Superior technologies were used alongside or supplanted the older technologies when in competition with them. They did not emerge independently in different areas disconnected to cultural diffusion. Mode 1 technologies spread over the entire inhabited world. Mode 2 and 3 technologies did not reach eastern Asia. Mode 3 technology spread north. When Mode 4 technology reached China, they jumped from Mode 1 to Mode 4. These technological advances were not based upon an indigenous emergence, but instead upon cultural transmission. This differentiation is key to the discussion that follows.

Fear of the Future: an innate feature of Humans

Ability to anticipate leads to worry

The ability to plan ahead and anticipate associated with technology was crucial to our survival as a species. As but one example, anticipation enabled our species to prepare for the climatic changes associated with the seasons. On the negative side, anticipation is also at the root of anxiety, a sense of mortality and fear of the future. This is an example of the maxim that with every blessing comes a curse.

Other animals also experience fear. But it is related to an immediate environmental threat. Their fear is not associated with the distant future. To deal with immediate threats, many animals have the fight or flight response. Run away or attack. The nearly instant response maximizes the chances of survival, as a delayed reaction to an environmental threat can frequently be fatal.

Humans are equipped with the same ‘fight or flight’ hardware. This immediate response system betters our chances of surviving dangers that arise instantly. However this same ‘fight or flight’ response is inappropriate when dealing with future threats.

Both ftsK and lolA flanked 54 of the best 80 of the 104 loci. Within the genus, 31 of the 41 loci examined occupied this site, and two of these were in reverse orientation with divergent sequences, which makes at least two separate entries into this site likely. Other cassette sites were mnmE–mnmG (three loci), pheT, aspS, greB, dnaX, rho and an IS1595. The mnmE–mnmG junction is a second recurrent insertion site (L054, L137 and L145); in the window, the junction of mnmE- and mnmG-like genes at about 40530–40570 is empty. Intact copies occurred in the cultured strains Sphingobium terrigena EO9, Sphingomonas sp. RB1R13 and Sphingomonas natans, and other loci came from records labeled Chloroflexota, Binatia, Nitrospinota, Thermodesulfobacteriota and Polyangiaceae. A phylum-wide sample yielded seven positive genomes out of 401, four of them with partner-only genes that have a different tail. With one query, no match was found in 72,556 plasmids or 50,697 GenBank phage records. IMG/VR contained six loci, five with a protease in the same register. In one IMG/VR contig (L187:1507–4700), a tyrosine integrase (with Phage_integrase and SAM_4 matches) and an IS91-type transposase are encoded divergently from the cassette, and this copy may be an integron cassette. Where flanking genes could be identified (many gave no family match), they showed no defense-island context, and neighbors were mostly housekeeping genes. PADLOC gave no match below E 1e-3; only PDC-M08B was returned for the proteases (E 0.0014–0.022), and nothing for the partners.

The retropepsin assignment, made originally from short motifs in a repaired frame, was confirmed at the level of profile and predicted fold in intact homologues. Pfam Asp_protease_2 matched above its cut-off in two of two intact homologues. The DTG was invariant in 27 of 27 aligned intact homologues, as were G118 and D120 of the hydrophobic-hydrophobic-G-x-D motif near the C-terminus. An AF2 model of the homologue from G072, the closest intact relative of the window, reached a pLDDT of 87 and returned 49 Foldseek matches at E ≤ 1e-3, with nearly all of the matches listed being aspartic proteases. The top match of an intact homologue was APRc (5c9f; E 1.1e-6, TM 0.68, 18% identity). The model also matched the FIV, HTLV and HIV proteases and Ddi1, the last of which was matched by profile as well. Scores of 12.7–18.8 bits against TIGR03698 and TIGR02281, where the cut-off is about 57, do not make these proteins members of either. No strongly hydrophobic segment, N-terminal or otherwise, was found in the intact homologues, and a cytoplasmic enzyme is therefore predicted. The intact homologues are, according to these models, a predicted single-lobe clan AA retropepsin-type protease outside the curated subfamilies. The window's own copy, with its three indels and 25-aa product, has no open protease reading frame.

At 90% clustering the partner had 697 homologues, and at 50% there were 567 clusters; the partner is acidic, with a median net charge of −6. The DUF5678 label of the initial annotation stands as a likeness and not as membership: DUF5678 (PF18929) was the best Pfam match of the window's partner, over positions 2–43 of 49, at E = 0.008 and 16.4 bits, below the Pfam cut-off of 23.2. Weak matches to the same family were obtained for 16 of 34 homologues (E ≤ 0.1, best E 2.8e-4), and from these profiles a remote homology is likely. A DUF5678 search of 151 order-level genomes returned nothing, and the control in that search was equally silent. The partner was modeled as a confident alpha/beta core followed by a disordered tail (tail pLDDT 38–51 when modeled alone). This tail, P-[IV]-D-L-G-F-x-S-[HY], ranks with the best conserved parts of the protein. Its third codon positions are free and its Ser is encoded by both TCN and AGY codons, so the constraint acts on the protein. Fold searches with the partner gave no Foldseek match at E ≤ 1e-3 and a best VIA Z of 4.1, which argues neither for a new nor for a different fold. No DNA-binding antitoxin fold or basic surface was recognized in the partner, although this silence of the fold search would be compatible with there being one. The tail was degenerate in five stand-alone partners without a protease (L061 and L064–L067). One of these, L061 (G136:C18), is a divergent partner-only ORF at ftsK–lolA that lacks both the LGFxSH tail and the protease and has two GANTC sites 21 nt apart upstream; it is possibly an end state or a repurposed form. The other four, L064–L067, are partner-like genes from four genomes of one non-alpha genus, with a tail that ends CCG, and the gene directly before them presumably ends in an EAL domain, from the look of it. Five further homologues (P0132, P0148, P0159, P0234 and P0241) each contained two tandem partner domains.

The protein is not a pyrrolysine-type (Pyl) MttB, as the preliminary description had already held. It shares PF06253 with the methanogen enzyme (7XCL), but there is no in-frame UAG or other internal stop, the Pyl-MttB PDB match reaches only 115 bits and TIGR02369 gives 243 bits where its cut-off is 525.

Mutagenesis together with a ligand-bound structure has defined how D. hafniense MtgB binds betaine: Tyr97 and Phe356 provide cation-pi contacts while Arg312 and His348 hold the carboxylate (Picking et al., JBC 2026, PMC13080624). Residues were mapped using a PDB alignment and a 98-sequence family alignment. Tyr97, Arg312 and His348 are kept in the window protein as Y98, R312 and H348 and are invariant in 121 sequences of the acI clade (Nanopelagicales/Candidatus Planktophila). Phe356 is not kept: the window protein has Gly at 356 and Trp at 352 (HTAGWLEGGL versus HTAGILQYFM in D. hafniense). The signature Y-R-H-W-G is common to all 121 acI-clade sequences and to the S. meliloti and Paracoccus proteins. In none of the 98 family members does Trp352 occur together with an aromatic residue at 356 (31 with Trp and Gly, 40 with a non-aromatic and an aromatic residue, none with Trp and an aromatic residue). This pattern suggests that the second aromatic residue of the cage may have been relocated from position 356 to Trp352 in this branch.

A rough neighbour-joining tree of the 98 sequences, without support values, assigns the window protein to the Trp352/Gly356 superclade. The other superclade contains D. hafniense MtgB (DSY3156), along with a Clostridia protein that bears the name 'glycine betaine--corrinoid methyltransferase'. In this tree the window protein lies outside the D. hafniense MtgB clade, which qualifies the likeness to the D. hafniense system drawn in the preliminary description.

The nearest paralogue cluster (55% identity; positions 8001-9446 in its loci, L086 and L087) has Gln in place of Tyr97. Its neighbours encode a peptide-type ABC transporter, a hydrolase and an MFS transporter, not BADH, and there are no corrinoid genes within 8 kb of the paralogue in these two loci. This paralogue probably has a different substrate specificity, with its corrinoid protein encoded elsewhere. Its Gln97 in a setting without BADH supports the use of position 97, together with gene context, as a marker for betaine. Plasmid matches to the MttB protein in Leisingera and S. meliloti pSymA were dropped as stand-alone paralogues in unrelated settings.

For instance, the bio-chemicals associated with the emergency response system short circuit the prefrontal cortex. The prefrontal cortex is a rational part of the brain associated with planning ahead. In other words, humans that are afraid don’t think as clearly. Thinking about the future can be fatal when faced with immediate danger, as it is too slow. However, weighing options and evaluating danger enables us to choose a more appropriate response to the potential problems of the future.

The dark powers associated with the ruling classes frequently generate fears based upon exaggerated or imaginary threats to manipulate the behavior of the citizenry. When the populace is afraid, their rational mind doesn’t operate as efficiently. These dark powers can easily entice an entire population to go to war against an undeserving victim, when they enter this fearful irrational state.

Fear of the future is an innate feature of being human. However, we don’t have to be a victim of this curse. We can change our probability of behavior. Instead of reacting immediately to supposed threats from the future, we can practice meditation or calming techniques to still our nerves. Instead of mindlessly following our innate conditioning, we can mindfully pursue a more constructive course of action. Rather than serving the dark powers, we are able to fulfill our potentials.